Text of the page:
Our Sunny friends, the Sunflower
Sunflowers, or as they are more scientifically named Helianthus annuus – annuus for annually grown, helia for sun, and anthus for flower – are one of the fastest growing plants alive today. They only require ninety to one hundred days from the time that they are first planted until they reach maturity, and are able to grow eight to twelve feet tall within six months time. Sunflowers grow on average to be an average height between five and twelve feet (1.5-3.5 m). But the tallest sunflower ever grown was in the Netherlands at 25 feet 5 inches tall, grown in 1986 by M. Heijmf.
One of the most distinguishing characteristics of sunflowers is a phenomenon known as heliotropism, meaning that the flowering heads of this plant will follow the sun’s movement and change it’s orientation from east to west during the day. When conditions of unequal light exist the auxin, or a regulator of plant growth, accumulates inside of the stem on the shaded side of a plant. Thus causing the darker side of the plant to grow faster than the sundrenched side. Therefore bending the stem toward the sun. For optimum growth, sunflowers need to have access to full sunlight. And they will grow the best in fertile, mulched, moist, well-drained soil.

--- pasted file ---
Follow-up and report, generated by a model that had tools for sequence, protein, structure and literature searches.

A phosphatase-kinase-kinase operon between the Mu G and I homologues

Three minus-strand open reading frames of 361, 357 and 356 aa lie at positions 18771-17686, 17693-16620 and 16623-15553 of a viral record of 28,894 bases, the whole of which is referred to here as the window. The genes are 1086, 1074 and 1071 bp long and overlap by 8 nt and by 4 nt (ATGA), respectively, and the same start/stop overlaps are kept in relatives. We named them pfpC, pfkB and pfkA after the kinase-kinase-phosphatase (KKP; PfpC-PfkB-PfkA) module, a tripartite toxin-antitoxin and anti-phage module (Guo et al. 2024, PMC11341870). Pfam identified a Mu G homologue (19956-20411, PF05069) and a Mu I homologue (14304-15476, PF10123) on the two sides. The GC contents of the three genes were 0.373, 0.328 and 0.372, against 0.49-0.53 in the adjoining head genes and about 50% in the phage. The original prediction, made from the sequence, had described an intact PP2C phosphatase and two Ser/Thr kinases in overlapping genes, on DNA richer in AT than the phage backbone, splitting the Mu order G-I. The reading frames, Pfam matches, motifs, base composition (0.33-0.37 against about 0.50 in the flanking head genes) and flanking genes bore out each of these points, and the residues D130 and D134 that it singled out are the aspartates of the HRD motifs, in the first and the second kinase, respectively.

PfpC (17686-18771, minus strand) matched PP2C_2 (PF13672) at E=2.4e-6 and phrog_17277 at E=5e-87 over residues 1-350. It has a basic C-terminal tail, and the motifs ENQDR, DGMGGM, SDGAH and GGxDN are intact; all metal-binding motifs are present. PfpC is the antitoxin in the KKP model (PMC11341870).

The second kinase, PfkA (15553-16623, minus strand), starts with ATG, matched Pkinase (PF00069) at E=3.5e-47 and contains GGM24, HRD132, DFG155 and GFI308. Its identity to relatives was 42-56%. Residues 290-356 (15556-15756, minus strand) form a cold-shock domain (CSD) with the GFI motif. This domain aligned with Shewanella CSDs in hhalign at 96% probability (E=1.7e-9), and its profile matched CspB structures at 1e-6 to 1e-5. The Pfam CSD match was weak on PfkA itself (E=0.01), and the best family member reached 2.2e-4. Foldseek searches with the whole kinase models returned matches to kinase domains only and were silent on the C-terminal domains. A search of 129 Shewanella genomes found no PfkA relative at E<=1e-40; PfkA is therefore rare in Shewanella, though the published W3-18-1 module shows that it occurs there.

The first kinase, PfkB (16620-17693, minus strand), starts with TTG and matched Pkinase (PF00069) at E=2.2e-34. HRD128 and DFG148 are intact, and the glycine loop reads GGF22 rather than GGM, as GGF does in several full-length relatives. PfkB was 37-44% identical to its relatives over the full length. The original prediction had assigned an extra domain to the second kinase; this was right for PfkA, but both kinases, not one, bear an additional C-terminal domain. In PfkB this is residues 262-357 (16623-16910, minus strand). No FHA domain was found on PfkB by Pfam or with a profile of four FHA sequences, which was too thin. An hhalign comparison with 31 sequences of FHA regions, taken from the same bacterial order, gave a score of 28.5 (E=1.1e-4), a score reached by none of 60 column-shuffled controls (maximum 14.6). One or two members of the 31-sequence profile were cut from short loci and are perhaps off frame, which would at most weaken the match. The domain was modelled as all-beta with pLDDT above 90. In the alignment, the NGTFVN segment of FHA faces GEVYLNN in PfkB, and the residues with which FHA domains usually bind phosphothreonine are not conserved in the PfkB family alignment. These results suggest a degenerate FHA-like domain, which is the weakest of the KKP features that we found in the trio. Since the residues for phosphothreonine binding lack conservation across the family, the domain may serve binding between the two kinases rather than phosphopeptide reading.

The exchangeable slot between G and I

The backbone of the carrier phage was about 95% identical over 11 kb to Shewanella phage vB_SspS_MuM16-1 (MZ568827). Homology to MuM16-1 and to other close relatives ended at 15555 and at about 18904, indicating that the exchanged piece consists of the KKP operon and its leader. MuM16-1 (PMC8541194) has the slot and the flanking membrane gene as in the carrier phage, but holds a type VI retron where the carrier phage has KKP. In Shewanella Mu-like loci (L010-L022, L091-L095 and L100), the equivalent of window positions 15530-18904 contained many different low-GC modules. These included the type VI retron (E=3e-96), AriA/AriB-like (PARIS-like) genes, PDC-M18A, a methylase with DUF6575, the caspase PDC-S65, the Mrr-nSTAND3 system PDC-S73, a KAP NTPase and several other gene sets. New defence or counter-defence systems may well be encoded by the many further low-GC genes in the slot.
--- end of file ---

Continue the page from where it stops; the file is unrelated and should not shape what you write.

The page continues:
Wild sunflowers have small heads and small seeds and are highly branched, this is very contrary to the large seed head and single-stem of the domesticated sunflower. What would usually be called the flower on a sunflower is actually a composite flower, or a flower head of numerous small flowers, or florets, that are all crowded together. And even though sunflowers are usually seen as yellow, they can be a variety other of colors, such as, red, orange, and more.
Even though sunflowers are native to North America the former Soviet Union has grown the most sunflowers of any where. In fact the sunflower is the national flower of Russia.
In the past the sunflower was used by the Native Americans for food and oil. Sunflower seeds are rich in oil and is very useful in many ways today. There are some farmers who use it to feed their livestock. The whole seed of the Sunflower, or the fruit, are roasted, salted, and sold as a snack foods. Sunflowers can be processed into an alternative to peanut butter, called sun butter. Sunflower oil can be extracted from the seeds and used for cooking, is cheaper than olive oil, and contains a higher level of healthy monounsaturated fats than olive oil. Sunflower seed oil can also be used to produce margarine, as a carrier oil, and to make bio-diesel.
So whether you see those beautiful sun-seeking flowers growing wild and branchy on the roadside, or large and tall in a domesticated form, remember how special and useful they can be.